The free health and fitness app, Mimi Hearing Test for the iPhone, is designed to help users test their hearing. This is a relatively new app, but has garnered quite a bit of attention and has several 5-star customer ratings on the Apple Store. Users have written how the app is helpful, non-intimidating, supportive and fun.

The Mimi Hearing app claims that users can test their hearing from their iPhone. It states that users can get results quickly, usually within the first 2 minutes. Sounds easy enough but are the results really accurate?

Users begin the test by finding a quiet place, inserting their headphones and clicking Quick Test. The app will instruct users every step of the way during the test. After both tests have been completed, Mimi shows a hearing landscape, which is a graph that demonstrates how users hear at specific frequencies. Apparently the Mimi app is calibrated to work with Apple EarPods and Apple EarBuds.

The Mimi Hearing testing app claims to be beneficial to those who think they are experiencing hearing problems or for those who just want to see how their hearing is doing. However, developers have disclaimers that state the Mimi Hearing app should not be used for medical purposes nor to diagnose or treat any hearing problems. What?

This has eerie similarities to one of the top grossing health apps, Instant Blood Pressure, that was recently removed from the iOS and Google Play stores. In that case, the app claimed to measure your blood pressure using just your iPhone’s camera and microphone — but had some nice disclaimers that countered it’s initial claims.

Even though developers clearly state that this is not a medical app, the app has still earned quite a fan base as shown by customer feedback. Unfortunately, it seems that there is no concrete evidence to suggest that the app accurately tests users hearing.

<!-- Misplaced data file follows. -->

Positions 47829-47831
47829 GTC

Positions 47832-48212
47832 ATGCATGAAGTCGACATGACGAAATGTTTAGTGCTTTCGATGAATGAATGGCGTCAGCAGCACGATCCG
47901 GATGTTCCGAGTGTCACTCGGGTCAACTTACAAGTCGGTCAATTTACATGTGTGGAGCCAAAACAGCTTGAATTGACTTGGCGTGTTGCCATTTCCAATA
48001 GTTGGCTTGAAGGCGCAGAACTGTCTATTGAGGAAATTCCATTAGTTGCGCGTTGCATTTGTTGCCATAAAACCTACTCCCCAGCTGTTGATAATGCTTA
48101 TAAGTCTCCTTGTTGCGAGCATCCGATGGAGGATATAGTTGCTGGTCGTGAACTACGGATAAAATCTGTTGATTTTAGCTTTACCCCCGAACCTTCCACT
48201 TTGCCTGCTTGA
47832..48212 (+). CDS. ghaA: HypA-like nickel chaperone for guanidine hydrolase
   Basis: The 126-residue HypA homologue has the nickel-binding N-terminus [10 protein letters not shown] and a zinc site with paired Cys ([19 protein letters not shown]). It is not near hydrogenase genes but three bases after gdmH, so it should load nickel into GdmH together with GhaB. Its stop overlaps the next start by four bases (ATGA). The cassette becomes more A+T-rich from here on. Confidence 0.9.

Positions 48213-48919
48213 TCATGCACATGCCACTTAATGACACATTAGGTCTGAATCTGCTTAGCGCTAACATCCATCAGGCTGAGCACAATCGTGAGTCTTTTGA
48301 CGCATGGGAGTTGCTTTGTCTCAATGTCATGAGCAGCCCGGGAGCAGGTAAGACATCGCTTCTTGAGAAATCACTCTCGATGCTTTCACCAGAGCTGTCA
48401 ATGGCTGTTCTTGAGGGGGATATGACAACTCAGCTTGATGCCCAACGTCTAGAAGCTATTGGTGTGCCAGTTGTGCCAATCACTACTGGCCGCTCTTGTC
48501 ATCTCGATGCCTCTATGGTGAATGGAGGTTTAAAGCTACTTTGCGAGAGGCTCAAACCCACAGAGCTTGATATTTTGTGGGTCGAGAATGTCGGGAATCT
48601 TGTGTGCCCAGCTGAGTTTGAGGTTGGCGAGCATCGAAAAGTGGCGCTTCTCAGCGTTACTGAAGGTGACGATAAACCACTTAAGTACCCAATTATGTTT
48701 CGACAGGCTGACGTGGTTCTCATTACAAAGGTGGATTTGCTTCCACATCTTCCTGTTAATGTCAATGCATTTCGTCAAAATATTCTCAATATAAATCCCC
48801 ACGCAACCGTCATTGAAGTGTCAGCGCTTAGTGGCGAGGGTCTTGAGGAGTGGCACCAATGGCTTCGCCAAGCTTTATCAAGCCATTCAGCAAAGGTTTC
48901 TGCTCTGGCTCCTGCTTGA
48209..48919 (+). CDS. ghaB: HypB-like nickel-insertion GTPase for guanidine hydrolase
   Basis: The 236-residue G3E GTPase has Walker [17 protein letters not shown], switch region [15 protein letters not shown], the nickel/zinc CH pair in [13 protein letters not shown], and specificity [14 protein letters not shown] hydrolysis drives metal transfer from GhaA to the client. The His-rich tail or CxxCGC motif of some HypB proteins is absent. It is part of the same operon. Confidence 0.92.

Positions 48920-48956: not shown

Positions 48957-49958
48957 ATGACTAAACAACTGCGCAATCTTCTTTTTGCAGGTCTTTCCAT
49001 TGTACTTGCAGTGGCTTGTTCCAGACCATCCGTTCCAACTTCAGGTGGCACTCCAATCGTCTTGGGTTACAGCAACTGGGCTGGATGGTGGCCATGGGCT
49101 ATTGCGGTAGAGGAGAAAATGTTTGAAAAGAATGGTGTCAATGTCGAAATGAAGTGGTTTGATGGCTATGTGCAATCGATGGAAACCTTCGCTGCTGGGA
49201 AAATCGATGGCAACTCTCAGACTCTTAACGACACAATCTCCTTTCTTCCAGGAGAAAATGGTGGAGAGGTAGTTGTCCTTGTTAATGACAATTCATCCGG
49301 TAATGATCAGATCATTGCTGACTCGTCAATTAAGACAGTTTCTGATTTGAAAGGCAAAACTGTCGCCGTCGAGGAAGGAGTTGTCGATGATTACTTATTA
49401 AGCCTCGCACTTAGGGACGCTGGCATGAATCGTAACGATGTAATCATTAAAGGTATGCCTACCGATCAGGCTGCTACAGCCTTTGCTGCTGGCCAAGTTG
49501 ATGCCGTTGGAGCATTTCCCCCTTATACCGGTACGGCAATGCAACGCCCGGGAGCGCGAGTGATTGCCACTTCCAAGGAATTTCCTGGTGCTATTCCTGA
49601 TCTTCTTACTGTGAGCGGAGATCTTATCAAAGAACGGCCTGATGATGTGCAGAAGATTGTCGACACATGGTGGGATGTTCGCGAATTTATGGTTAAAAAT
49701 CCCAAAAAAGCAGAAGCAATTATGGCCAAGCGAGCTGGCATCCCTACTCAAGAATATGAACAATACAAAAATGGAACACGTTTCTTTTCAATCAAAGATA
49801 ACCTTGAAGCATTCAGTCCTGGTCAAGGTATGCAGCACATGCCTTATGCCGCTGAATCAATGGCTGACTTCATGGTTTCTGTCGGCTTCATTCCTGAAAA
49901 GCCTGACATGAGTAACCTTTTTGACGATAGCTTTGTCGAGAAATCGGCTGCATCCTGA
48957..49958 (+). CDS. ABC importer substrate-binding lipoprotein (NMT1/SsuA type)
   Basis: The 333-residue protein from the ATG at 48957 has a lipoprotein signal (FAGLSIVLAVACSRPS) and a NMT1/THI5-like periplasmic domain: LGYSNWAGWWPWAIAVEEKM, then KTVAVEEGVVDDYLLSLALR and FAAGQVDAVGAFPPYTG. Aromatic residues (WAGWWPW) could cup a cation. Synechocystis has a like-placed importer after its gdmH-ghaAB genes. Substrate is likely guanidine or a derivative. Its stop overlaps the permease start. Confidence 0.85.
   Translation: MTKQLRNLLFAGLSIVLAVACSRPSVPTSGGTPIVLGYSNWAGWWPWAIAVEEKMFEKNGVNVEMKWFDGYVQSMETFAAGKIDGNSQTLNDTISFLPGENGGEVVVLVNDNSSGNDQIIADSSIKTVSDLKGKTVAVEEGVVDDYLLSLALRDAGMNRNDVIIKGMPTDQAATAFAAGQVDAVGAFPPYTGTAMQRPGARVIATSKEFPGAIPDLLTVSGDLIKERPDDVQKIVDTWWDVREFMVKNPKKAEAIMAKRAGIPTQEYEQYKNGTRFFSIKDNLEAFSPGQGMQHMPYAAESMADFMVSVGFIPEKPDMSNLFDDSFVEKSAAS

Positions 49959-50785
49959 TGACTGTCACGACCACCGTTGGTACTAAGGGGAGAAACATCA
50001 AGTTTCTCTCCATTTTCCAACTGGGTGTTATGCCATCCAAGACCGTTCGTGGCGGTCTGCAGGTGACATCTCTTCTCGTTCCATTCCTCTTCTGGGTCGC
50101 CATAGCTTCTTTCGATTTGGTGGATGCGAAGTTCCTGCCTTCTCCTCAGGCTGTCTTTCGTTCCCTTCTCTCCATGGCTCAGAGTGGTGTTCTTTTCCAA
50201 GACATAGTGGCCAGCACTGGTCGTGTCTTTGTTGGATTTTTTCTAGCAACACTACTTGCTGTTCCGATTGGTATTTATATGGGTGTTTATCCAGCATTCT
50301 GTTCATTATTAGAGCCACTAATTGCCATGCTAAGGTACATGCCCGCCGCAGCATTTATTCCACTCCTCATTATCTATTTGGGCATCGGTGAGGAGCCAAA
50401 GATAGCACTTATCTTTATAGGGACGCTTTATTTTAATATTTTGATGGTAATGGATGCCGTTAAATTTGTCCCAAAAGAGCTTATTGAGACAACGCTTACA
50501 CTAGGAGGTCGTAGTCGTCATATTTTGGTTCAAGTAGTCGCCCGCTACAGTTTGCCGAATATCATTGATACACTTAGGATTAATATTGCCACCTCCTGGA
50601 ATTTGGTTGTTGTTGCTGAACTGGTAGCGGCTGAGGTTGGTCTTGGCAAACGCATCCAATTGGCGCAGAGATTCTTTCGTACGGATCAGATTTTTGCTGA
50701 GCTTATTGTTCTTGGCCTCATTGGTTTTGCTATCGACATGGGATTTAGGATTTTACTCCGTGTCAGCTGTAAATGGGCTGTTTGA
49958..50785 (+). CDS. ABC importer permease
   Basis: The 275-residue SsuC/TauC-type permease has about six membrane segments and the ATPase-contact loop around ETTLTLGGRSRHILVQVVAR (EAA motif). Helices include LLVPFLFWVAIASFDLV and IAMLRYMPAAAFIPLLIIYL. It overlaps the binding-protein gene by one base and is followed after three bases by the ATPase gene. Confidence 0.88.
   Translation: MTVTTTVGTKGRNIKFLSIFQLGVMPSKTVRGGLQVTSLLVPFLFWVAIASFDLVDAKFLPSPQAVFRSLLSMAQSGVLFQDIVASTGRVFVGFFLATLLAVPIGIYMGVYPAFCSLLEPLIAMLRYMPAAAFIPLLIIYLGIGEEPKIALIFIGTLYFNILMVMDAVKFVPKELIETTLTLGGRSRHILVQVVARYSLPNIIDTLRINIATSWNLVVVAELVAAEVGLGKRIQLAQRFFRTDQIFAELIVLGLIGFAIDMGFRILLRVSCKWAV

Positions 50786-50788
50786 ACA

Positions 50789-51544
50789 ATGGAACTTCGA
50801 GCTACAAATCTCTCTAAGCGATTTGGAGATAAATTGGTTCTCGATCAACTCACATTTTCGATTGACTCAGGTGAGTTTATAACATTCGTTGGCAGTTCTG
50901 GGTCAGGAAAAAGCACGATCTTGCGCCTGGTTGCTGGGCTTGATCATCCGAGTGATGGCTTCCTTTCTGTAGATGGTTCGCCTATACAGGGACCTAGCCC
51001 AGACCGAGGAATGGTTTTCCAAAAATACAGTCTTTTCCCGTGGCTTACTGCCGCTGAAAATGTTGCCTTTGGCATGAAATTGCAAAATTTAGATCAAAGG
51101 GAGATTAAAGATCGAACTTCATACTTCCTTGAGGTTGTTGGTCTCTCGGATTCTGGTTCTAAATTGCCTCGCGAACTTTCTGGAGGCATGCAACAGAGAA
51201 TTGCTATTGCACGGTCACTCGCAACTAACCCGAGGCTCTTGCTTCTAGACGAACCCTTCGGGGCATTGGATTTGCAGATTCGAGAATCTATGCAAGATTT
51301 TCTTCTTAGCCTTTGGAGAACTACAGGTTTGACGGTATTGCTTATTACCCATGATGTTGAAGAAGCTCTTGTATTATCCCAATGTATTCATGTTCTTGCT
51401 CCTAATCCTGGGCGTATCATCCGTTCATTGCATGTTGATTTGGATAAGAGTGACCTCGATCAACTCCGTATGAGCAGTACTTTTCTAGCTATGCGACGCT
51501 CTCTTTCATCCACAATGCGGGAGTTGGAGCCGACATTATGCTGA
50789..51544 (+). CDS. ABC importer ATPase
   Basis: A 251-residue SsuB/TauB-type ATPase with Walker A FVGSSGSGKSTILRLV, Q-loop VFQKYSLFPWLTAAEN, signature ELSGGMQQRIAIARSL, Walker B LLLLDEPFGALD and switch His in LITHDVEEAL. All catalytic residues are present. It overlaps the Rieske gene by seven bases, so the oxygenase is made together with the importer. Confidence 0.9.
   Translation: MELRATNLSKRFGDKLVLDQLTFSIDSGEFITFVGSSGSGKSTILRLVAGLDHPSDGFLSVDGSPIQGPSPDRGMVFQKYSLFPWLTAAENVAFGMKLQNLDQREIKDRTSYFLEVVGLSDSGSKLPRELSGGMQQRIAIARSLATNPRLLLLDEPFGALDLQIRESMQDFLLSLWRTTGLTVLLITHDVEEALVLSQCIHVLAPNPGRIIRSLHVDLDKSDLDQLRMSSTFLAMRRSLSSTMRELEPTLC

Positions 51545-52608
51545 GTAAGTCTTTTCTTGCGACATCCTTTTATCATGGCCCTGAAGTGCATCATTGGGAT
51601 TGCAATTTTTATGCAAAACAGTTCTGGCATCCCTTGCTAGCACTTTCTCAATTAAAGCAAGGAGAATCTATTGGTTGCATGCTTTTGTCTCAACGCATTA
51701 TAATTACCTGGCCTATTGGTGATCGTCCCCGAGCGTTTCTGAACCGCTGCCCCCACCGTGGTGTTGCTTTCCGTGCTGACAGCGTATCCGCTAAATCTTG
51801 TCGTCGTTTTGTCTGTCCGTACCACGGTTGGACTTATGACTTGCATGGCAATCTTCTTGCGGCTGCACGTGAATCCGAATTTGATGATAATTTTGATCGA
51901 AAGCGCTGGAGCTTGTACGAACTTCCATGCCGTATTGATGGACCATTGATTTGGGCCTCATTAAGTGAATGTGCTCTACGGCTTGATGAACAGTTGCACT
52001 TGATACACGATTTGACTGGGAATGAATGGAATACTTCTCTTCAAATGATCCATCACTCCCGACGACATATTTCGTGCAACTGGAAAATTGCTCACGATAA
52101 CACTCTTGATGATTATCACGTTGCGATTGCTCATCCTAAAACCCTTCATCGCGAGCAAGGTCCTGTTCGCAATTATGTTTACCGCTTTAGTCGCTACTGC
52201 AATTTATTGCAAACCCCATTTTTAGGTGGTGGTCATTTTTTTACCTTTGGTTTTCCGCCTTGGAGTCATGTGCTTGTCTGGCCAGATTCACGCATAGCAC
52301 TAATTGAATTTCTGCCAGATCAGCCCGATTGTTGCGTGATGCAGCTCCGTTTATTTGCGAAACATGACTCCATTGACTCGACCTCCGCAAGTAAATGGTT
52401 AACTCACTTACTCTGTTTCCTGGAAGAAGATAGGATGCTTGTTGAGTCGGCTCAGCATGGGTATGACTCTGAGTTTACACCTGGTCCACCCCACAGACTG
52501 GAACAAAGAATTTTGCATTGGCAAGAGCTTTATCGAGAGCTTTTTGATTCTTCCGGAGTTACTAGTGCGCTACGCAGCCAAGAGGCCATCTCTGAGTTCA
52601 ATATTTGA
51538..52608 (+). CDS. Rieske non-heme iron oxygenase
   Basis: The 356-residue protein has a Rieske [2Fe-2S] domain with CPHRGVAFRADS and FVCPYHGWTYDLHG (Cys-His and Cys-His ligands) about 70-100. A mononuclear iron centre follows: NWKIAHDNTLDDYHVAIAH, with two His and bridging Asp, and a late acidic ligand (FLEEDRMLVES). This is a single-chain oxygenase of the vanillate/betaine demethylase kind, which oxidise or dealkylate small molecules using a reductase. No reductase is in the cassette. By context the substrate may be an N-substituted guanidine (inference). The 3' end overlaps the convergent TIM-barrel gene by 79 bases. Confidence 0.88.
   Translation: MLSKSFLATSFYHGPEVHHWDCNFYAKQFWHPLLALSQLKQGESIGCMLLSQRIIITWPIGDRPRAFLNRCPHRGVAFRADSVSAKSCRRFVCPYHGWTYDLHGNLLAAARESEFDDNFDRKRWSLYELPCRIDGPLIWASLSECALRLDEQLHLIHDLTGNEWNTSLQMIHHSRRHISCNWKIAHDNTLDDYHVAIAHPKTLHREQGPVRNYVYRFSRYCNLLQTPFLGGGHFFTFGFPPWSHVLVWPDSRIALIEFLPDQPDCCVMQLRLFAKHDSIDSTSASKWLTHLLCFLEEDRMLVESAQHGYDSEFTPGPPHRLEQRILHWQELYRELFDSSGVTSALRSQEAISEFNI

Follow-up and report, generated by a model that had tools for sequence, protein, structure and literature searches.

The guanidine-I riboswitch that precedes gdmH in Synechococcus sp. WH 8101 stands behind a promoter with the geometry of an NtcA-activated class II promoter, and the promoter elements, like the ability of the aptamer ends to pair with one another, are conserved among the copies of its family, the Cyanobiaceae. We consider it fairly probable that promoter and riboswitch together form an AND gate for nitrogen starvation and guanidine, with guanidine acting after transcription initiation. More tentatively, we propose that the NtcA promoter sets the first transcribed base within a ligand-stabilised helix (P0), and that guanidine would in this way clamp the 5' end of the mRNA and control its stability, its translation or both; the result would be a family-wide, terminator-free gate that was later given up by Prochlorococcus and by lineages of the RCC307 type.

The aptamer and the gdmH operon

In reality users may or may not actually get accurate results. So is this app for real or just a gimmick? We have no way to know without any type of legitimate clinical studies to point to. Counter this to the strategy Opternative utilized. Opternative created a novel method to give eye prescriptions utilizing just a laptop and iPhone – they at least invested in doing a clinical study to show their technique worked.

The problem with popular apps such as Mimi Hearing is that although they often offer disclaimers — many users trust the accuracy of these results, even when there is no clear evidence they really work.

What about those people who have a legitimate hearing problem, and because the Mimi Hearing app did not detect it, fail to see a licensed medical professional? Just as alarming, what about those users who fail to read the disclaimers and think the app is medically based? Though this app is already available in the app store for download, until there is some type of evidence or clinical trial to show that it works we cannot consciously recommend that users rely on it to test their hearing.

With the popularity of the Mimi Hearing app it’s scary to think that some users might trust these results and essentially be relying on “pure luck” when it comes to their hearing.


Mimi Hearing Test
By Mimi Hearing Technologies

Price: Free
Apple App Store